What you and I know as blanketflower or gaillardia was unknown to science when Meriwether Lewis collected a specimen near what is now known as Lewis and Clark Pass in Montana, July 6, 1806. It was later described by Frederick Pursh and named Gaillardia aristata after French botanist Gaillard de Marentonneau. Blanketflower or gaillardia are the most commonly used names for this plant today, but it is also known as brown-eyed Susan because the flowers are said to resemble those of black-eyed Susan, but red-eyed Susan would be more accurate.
Blanketflower is a perennial member of the aster family that ranges over much of western North America and is the only Gaillardia native to North Dakota. It may be found across the state on upland prairie, railroad rights-of-ways, and similar sites flowering in June and July. It is perhaps most often observed on well drained soils, and as you would expect, is drought tolerant.
Blanketflower is a multi-stemmed perennial from a stout taproot. It grows to around two feet tall and is covered with course hairs. But it is the flowers that catch our attention. With bright, showy yellow rays, the flowers resemble that of black-eyed Susans with the disk flowers or “eye” being distinctly reddish instead of black. The common name blanketflower is reportedly a reference to the flowers resembling the colorful patterns of some Indian blankets
I suspect that many of you are also familiar with blanketflower as an ornamental. It makes an excellent addition to a flower garden or rock garden. It is also increasingly used in xeriscaping, or landscaping designed for minimal or no watering. Plus, it is gaining in popularity as a common wildflower seed in the seeding mixtures used in prairie restoration. I have seen some impressive photographs of prairie restoration efforts ablaze with blanketflower’s in bloom. It should come as no surprise that over two dozen varieties and hybrids of this species have now been developed.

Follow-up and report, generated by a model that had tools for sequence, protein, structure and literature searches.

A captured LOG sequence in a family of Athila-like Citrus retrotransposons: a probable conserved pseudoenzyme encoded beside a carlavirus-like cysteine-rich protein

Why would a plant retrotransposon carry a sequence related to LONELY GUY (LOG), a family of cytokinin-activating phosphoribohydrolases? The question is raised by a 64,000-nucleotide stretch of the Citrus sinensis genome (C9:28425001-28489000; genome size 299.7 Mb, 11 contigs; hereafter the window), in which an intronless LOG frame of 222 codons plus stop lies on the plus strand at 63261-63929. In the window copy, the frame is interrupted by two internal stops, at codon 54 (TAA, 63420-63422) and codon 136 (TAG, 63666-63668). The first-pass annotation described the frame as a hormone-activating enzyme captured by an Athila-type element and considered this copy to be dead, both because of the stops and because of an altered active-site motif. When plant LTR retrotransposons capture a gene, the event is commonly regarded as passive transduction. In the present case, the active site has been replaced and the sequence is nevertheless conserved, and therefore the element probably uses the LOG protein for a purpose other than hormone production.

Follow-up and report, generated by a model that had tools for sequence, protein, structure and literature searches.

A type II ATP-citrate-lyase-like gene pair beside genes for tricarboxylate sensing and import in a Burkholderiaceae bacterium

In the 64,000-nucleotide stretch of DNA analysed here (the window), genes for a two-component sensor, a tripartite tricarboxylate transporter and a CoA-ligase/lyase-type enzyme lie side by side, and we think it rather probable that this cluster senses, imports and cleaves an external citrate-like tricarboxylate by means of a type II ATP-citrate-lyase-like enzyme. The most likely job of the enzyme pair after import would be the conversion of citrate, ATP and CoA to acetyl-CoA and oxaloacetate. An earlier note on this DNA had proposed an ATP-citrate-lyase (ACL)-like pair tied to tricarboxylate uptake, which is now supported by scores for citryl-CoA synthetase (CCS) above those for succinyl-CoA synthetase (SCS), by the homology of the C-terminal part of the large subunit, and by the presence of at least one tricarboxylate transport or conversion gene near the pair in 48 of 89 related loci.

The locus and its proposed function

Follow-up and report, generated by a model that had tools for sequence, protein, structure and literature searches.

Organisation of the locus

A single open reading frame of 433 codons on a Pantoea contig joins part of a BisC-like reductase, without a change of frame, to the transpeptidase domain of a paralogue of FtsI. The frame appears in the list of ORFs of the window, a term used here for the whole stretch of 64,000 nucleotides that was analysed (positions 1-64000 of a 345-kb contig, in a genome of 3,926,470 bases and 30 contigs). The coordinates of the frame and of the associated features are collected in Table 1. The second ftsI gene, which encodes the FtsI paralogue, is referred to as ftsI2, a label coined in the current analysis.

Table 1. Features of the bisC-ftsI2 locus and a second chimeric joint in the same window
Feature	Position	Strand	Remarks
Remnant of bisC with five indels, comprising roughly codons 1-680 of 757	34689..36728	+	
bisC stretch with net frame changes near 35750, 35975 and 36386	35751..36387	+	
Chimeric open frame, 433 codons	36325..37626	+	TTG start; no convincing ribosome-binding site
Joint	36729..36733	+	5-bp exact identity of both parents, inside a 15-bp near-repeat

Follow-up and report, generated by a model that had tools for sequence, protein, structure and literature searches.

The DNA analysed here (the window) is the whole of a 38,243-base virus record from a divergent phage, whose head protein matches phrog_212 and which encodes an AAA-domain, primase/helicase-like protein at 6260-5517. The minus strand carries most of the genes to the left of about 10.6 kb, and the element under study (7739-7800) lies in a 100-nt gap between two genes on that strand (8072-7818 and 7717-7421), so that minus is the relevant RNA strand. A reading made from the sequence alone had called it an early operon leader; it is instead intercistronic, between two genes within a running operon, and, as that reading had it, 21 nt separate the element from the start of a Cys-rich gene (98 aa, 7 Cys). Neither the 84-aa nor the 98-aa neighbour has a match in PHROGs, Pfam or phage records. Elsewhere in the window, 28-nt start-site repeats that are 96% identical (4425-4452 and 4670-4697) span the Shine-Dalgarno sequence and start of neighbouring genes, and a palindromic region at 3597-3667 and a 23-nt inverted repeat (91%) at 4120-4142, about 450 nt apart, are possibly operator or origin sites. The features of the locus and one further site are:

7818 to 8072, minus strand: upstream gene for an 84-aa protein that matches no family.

Those flowers are not just for our eyes only. Blanketflower is good for attracting a wide variety of butterflies and other beneficial insects, including the endangered Dakota skipper butterfly. It is also utilized by several other insects ranging from the Edwards fritillary to native bees. The flower heads of gaillardia are also commonly nipped by livestock and big game, probably as a sort of “protein candy.”
So be on the lookout for blanketflower as you travel about. And you might even want to consider adding it to your garden next year.